Cognitive Behavioral Therapy

What Is Cognitive Behavioral Therapy?

Cognitive-behavioral therapy (CBT) is a form of psychotherapy that treats problems and boosts happiness by modifying dysfunctional emotions, behaviors, and thoughts. Unlike traditional Freudian psychoanalysis, which probes childhood wounds to get at the root causes of conflict, CBT focuses on solutions, encouraging patients to challenge distorted cognitions and change destructive patterns of behavior.

CBT rests on the idea that thoughts and perceptions influence behavior. Feeling distressed, in some cases, may distort one’s perception of reality. CBT aims to identify harmful thoughts, assess whether they are an accurate depiction of reality, and if they are not, employ strategies to challenge and overcome them.

CBT is appropriate for people of all ages, including children, adolescents, and adults. Evidence has mounted that CBT can benefit numerous conditions, such as major depressive disorder, anxiety disorders, post-traumatic stress disorder, eating disorders, obsessive-compulsive disorders, and many others. Research also indicates that CBT can be delivered effectively online, in addition to face-to-face therapy sessions.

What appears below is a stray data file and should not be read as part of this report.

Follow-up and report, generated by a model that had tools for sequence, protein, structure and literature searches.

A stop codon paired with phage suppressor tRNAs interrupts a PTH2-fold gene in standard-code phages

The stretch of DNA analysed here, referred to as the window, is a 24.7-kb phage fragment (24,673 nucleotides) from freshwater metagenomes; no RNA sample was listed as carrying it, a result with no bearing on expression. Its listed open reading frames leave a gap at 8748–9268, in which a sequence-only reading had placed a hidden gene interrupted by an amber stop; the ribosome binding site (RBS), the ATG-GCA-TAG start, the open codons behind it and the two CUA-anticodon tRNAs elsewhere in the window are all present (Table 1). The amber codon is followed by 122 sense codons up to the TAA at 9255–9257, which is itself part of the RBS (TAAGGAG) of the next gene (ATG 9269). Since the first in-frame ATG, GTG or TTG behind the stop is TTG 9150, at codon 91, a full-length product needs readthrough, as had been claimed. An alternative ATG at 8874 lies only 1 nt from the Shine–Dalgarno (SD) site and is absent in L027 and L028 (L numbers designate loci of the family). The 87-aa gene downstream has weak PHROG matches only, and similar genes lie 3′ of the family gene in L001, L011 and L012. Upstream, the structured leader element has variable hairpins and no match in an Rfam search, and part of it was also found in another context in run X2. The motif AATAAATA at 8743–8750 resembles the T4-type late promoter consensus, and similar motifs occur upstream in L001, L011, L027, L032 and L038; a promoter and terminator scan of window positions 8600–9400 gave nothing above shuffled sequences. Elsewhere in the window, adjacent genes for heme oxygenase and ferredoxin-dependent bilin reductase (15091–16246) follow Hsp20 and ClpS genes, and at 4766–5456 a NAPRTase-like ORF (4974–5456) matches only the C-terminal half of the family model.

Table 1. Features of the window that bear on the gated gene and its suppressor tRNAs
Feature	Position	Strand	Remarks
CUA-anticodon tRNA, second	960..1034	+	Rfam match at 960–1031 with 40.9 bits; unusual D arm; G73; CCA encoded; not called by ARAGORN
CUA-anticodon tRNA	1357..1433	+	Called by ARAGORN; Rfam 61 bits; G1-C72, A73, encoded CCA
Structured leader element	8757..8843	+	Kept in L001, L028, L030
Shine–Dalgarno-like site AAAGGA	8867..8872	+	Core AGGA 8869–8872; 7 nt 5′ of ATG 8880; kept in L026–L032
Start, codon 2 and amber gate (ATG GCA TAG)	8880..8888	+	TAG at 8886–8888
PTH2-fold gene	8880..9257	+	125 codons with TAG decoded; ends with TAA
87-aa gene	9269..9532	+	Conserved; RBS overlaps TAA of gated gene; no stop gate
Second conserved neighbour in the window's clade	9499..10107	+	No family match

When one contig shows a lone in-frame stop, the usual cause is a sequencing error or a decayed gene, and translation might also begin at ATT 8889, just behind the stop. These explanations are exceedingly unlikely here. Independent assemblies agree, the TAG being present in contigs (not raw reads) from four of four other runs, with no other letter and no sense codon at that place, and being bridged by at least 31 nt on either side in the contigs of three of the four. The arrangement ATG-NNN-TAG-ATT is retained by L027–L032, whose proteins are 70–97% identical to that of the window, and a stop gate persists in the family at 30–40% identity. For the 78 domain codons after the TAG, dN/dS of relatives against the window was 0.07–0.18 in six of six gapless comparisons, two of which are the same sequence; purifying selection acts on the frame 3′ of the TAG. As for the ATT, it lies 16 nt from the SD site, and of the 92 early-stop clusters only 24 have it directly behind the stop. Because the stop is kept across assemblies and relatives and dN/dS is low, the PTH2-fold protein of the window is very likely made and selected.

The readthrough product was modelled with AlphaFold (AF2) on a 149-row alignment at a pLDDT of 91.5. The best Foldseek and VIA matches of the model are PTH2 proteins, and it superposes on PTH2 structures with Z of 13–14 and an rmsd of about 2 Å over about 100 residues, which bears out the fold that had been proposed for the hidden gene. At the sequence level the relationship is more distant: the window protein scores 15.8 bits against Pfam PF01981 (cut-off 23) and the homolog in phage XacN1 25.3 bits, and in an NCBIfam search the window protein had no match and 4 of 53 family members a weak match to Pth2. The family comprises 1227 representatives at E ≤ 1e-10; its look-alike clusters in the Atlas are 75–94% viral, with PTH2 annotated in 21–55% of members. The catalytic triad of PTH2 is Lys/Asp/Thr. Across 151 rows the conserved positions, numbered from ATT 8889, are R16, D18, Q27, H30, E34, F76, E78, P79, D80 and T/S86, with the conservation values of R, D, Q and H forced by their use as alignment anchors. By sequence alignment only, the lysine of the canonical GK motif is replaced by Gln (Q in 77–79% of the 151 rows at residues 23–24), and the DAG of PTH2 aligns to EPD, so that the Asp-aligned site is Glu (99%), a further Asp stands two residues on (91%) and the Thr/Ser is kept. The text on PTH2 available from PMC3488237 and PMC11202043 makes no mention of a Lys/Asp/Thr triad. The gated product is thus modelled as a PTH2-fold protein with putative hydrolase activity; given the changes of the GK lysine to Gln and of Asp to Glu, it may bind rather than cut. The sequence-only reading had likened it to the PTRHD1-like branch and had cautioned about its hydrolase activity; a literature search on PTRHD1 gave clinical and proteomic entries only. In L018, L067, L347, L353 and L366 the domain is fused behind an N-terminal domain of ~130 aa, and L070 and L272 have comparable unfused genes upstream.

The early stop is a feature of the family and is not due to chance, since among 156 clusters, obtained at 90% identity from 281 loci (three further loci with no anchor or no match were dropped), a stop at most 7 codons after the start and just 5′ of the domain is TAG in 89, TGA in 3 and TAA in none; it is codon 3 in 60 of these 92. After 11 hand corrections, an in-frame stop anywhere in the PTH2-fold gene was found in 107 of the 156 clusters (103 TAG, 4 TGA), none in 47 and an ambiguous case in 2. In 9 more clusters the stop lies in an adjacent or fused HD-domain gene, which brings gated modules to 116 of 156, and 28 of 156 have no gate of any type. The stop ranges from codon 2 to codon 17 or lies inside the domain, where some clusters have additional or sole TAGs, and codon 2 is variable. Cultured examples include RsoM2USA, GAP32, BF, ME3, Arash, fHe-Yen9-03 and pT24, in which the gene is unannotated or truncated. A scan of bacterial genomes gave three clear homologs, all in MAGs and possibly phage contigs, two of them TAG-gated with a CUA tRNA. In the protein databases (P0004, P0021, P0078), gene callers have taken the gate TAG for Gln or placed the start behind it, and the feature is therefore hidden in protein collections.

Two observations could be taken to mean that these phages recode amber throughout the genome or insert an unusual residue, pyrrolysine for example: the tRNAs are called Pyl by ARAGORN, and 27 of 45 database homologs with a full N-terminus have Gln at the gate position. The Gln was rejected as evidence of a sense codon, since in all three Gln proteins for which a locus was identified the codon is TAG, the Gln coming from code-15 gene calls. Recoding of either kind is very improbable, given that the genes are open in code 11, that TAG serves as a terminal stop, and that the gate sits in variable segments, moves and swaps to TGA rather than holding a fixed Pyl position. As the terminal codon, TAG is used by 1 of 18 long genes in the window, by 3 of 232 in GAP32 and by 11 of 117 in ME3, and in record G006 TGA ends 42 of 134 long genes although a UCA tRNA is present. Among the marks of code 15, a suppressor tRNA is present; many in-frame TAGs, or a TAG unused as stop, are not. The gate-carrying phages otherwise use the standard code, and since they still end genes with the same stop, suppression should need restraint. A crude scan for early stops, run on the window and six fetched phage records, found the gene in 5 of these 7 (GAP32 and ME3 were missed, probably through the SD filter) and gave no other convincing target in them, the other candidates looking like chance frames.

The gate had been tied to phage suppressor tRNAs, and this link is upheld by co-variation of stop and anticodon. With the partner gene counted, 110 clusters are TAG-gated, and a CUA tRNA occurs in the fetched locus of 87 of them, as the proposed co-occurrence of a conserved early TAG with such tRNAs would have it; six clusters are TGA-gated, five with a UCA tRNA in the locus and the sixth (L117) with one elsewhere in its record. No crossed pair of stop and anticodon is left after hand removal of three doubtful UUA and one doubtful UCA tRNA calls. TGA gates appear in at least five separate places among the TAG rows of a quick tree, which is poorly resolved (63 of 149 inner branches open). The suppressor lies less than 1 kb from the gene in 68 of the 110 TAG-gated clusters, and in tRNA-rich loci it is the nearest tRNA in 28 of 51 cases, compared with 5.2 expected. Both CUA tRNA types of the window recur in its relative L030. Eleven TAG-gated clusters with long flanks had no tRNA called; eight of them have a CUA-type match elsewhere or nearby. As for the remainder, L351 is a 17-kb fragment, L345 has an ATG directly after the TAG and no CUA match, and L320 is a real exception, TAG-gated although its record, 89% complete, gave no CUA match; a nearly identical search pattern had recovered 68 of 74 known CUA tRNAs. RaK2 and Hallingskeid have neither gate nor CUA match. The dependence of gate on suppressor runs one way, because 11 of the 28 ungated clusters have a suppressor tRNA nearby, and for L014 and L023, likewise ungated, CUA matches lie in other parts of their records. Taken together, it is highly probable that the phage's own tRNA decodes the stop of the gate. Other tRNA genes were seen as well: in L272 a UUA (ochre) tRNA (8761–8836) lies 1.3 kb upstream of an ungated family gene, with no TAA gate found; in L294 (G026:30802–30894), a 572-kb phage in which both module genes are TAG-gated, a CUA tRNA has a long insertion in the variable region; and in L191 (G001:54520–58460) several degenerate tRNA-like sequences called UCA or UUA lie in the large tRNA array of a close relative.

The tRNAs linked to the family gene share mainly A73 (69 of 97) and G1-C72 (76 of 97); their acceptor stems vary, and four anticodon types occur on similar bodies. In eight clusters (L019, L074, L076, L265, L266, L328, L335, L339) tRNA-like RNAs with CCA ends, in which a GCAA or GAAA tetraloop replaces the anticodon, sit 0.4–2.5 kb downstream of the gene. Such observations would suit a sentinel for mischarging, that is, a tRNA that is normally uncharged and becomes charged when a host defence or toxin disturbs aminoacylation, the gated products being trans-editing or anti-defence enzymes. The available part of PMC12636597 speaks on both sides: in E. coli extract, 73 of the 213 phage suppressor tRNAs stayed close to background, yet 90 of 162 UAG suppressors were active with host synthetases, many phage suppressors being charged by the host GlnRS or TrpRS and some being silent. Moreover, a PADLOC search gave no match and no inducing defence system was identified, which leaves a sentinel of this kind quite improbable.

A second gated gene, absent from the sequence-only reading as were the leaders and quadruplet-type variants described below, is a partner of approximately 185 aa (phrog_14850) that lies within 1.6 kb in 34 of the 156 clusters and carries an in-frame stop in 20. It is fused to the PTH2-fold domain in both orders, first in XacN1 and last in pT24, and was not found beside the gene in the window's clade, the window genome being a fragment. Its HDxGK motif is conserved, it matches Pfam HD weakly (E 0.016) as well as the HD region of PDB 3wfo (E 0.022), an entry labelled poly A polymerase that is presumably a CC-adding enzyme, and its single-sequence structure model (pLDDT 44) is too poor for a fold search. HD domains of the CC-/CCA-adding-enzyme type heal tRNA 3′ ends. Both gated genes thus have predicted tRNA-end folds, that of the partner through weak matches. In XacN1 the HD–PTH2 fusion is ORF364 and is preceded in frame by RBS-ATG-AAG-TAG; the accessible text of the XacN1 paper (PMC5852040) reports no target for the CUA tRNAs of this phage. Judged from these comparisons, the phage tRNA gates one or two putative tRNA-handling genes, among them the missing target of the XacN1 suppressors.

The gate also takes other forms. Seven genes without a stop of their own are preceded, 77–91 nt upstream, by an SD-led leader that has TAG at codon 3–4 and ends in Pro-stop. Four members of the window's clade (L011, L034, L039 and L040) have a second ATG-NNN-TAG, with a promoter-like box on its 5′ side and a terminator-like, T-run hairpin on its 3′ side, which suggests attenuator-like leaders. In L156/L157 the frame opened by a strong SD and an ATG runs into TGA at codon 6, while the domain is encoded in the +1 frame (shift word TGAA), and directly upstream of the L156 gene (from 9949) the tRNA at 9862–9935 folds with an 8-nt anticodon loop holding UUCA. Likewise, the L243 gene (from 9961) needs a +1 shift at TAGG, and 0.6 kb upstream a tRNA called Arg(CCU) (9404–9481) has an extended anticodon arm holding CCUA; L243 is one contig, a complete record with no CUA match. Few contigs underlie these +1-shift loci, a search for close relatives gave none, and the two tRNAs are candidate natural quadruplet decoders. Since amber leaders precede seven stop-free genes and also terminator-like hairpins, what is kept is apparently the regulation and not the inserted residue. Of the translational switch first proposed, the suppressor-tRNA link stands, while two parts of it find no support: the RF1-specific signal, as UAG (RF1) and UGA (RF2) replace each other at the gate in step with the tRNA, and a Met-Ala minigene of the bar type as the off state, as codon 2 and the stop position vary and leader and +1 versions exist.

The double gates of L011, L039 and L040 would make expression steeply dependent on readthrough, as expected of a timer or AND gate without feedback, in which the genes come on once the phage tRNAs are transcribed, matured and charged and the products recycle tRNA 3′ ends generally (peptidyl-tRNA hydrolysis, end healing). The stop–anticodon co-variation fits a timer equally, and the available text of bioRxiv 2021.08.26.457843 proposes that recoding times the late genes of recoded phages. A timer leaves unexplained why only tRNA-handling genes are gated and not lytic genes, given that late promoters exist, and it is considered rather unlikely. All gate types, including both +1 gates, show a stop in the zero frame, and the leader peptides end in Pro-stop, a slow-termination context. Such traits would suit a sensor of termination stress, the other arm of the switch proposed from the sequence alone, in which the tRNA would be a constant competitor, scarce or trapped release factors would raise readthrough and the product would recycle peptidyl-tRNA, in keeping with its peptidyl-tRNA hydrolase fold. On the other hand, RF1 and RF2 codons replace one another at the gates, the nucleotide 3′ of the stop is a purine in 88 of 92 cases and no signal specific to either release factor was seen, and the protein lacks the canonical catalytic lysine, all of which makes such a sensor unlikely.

Change Your Thinking

The tools deployed in CBT—which include learning to identify and dispute unrealistic or unhelpful thoughts and developing problem-solving skills—have been used to treat a broad range of mental health challenges. CBT is now considered among the most efficacious forms of talk therapy, especially when clients incorporate strategies into their daily life. This effort to gain insight into one’s cognitive and behavioral processes and modify them in a constructive way often involves ongoing practice, but is favored by many clients as it can require fewer therapy sessions than other modalities.

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